Drug and Medication Side Effects

Along with its intended results, a drug may cause a number of unwanted side effects. These effects can occur when you start a new medication, decrease or increase the dose of a medication, or when you stop using a medication.

Doctor talking with older patient
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A side effect that occurs in one percent or more of people taking a specific medication is considered by medical researchers to be caused by that medication. Examples of common drug side effects include nausea, vomiting, fatigue, dizziness, dry mouth, headache, itching, and muscle aches and pains.

Some side effects may be severe and require medical attention, while others may be mild and of little concern. Severe or annoying side effects are one of the main reasons why people stop taking their medications.

If you are having worrisome side effects, your healthcare provider may want to change your dose, try a different medication in the same drug class, or recommend some type of dietary or lifestyle change.

Do All Medications Have Side Effects?

All medications used for treating any type of health condition can cause side effects. However, many people who take a drug or combine drugs have no side effects or experience only minor side effects.

Your likelihood of having side effects from your medications may be related to a number of factors, including age, gender, whether you have allergies, how your body metabolizes a drug, other drugs, vitamins, or supplements you may be taking, and your overall health. In addition, ethnicity and race or the severity of your disease may affect your experience with a medication. These factors may play a role in whether you experience side effects from your medications, the severity of your side effects, and their duration. Your healthcare provider should weigh and inform you of these factors before prescribing a drug to you, but if you experience symptoms related to any of these issues, speak to them about other treatment options that may be available to you.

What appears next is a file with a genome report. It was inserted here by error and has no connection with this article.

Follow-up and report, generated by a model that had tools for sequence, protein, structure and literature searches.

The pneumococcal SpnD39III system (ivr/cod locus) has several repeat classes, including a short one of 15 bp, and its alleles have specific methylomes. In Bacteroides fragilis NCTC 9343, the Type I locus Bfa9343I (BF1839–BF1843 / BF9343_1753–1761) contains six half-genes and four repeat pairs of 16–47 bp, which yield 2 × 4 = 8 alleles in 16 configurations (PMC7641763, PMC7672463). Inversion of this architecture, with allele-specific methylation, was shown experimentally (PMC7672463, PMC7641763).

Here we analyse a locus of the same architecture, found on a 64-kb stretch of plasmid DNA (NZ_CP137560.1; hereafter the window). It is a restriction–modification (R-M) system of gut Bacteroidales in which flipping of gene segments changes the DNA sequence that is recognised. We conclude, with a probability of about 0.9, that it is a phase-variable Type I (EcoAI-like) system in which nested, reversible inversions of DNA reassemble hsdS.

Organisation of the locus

Calling the Healthcare Provider About a Side Effect

It is important for you to be familiar with the potential side effects of your medications and what you should do if you have signs of them. Also, it is essential that you let your healthcare provider know if you are having side effects. Although many side effects are minor and not harmful, some can be a sign of danger or an indication that your drug is not working properly.

Call your healthcare provider if you notice any of these side effects:

  • Abdominal pain
  • Blurred vision
  • Constipation
  • Diarrhea
  • Dizziness
  • Headaches
  • Loss of appetite
  • Cognitive changes
  • Palpitations
  • Problems with coordination
  • Ringing in the ears
  • Skin rashes or hives
  • Swelling of hands or feet
  • Syncope (loss of consciousness or fainting)

If any side effects worry you, always call your healthcare provider.

Since some side effects may not make you feel ill, your healthcare provider may want you to have regular laboratory tests to detect any problems early. For example, if you are taking certain blood pressure medications, including thiazide diuretics or ACE inhibitors, routine monitoring of your electrolytes and kidney function will be either recommended or required.